If the measure passed County Council, it will be on the November’s general election ballot.
      To comment on or like this story, go to facebook.com/kaucalendar.

Gov. Neil Abercrombie signt a measure establishing an interagency climate
adaptation committee. Photo from Office of the Governor
A MEASURE THAT ESTABLISHES AN INTERAGENCY climate adaptation committee under the Department of Land and Natural Resources received Gov. Neil Abercrombie’s approval yesterday. The committee is charged with developing a sea-level rise vulnerability and adaptation report addressing statewide impacts to 2050. 
      Act 83 also authorizes the Office of Planning to coordinate development of climate adaptation plans and policy recommendations and to use the committee’s report as framework for addressing other climate threats and climate change adaptation priorities.
      “This measure builds on Hawai`i’s leadership in addressing climate change,” Abercrombie said. “Being the only island state in the country, we are especially vulnerable to climate change and are on the frontlines of impacts like sea level rise. I applaud the Legislature for passing this bill and recognizing that Hawai`i is ideal as a learning laboratory to continue to contribute and shape our nation’s response to climate change adaptation.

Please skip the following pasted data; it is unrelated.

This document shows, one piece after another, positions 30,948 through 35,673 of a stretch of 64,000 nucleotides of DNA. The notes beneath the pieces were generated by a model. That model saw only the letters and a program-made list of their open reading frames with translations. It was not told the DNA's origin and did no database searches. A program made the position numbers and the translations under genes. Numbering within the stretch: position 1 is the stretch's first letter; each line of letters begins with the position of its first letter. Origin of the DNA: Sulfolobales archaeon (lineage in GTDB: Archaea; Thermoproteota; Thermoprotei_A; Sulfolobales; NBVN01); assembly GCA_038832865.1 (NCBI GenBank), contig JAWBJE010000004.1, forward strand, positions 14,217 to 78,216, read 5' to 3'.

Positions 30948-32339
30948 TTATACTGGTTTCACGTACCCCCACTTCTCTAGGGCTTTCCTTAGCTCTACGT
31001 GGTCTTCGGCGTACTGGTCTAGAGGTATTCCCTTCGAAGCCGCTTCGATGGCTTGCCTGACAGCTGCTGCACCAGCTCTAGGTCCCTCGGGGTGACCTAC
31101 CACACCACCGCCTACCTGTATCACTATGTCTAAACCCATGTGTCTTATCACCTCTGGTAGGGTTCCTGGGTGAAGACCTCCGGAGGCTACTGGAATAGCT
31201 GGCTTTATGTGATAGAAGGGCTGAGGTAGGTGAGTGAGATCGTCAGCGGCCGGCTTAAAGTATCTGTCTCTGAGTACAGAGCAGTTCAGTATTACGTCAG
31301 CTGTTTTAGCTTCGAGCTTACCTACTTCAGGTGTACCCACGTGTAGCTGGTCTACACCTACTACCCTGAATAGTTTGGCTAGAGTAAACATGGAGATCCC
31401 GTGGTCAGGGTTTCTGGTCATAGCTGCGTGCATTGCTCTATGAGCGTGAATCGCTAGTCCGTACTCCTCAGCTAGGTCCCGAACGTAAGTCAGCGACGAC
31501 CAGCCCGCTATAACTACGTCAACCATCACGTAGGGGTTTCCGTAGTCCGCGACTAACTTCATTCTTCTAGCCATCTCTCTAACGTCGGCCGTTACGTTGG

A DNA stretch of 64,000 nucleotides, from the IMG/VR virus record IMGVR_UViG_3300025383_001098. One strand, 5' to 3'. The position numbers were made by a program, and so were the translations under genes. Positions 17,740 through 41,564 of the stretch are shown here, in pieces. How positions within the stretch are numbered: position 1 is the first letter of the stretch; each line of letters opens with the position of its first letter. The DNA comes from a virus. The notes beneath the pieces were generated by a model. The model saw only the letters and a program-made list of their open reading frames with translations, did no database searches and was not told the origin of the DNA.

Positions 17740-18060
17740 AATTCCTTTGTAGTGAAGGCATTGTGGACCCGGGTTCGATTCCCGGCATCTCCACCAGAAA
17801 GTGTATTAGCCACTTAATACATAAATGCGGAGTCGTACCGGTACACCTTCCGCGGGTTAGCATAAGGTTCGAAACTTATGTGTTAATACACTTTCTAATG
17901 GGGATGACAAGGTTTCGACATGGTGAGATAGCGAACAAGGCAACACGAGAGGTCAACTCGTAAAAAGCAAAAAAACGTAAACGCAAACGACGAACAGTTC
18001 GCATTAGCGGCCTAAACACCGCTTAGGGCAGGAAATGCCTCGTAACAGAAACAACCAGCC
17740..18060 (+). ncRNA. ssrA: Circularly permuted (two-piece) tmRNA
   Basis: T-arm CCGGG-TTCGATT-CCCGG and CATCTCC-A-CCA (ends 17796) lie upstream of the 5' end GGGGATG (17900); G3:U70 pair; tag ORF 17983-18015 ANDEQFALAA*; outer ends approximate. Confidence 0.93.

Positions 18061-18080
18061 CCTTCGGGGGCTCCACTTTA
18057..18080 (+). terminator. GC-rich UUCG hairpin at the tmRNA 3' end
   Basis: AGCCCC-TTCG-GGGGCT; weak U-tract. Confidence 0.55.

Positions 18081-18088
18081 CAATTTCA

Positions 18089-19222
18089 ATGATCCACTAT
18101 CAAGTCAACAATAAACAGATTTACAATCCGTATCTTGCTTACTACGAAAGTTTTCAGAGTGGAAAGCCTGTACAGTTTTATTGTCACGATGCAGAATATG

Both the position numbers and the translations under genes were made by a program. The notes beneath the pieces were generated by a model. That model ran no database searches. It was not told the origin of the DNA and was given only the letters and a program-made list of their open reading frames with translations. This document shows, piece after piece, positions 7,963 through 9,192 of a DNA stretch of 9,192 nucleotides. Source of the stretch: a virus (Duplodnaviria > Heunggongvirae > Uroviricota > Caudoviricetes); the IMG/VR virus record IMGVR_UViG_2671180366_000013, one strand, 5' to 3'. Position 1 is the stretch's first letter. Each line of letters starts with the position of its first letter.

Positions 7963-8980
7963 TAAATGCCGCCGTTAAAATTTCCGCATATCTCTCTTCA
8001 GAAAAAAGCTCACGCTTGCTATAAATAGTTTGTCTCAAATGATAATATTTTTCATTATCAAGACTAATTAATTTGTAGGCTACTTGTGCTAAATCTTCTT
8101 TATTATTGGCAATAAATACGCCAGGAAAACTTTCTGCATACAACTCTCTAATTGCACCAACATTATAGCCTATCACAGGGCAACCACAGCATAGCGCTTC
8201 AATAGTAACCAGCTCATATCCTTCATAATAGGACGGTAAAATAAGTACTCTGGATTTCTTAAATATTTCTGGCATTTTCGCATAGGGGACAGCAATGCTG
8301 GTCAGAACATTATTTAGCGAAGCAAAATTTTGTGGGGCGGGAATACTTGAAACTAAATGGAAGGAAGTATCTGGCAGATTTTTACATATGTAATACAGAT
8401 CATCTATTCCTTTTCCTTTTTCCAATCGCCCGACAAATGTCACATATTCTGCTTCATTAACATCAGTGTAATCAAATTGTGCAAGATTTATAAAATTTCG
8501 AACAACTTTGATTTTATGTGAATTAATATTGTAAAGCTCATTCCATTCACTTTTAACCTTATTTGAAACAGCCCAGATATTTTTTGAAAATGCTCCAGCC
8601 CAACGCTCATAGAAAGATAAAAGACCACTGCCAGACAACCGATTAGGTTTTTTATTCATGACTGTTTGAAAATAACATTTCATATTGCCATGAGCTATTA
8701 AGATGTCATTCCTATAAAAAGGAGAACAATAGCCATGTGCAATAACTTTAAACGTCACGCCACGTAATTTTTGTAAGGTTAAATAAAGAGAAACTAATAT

“We look forward to showcasing our leadership when Hawai`i hosts the 2016 IUCN World Conservation Congress.”
      Act 83, which takes effect immediately, states that coordination of the committee will be headed jointly by the DLNR chair and the OP director or their designees. It requires that the committee’s report be made public no later than Dec. 31, 2017.
      For more information on Hawai`i’s climate change initiative, see governor.hawaii.gov/blog/navigating-climate-change, 
planning.hawaii.gov/czm/ocean-resources-management-plan-orm and dlnr.hawaii.gov/rain/fact-sheet.
      To comment on or like this story, go to facebook.com/kaucalendar.

Tydlacka and Iacuzzo examine fossil vertebrae from a marine reptile
known as a plesiosuar. Photo from Joe Iacuzzo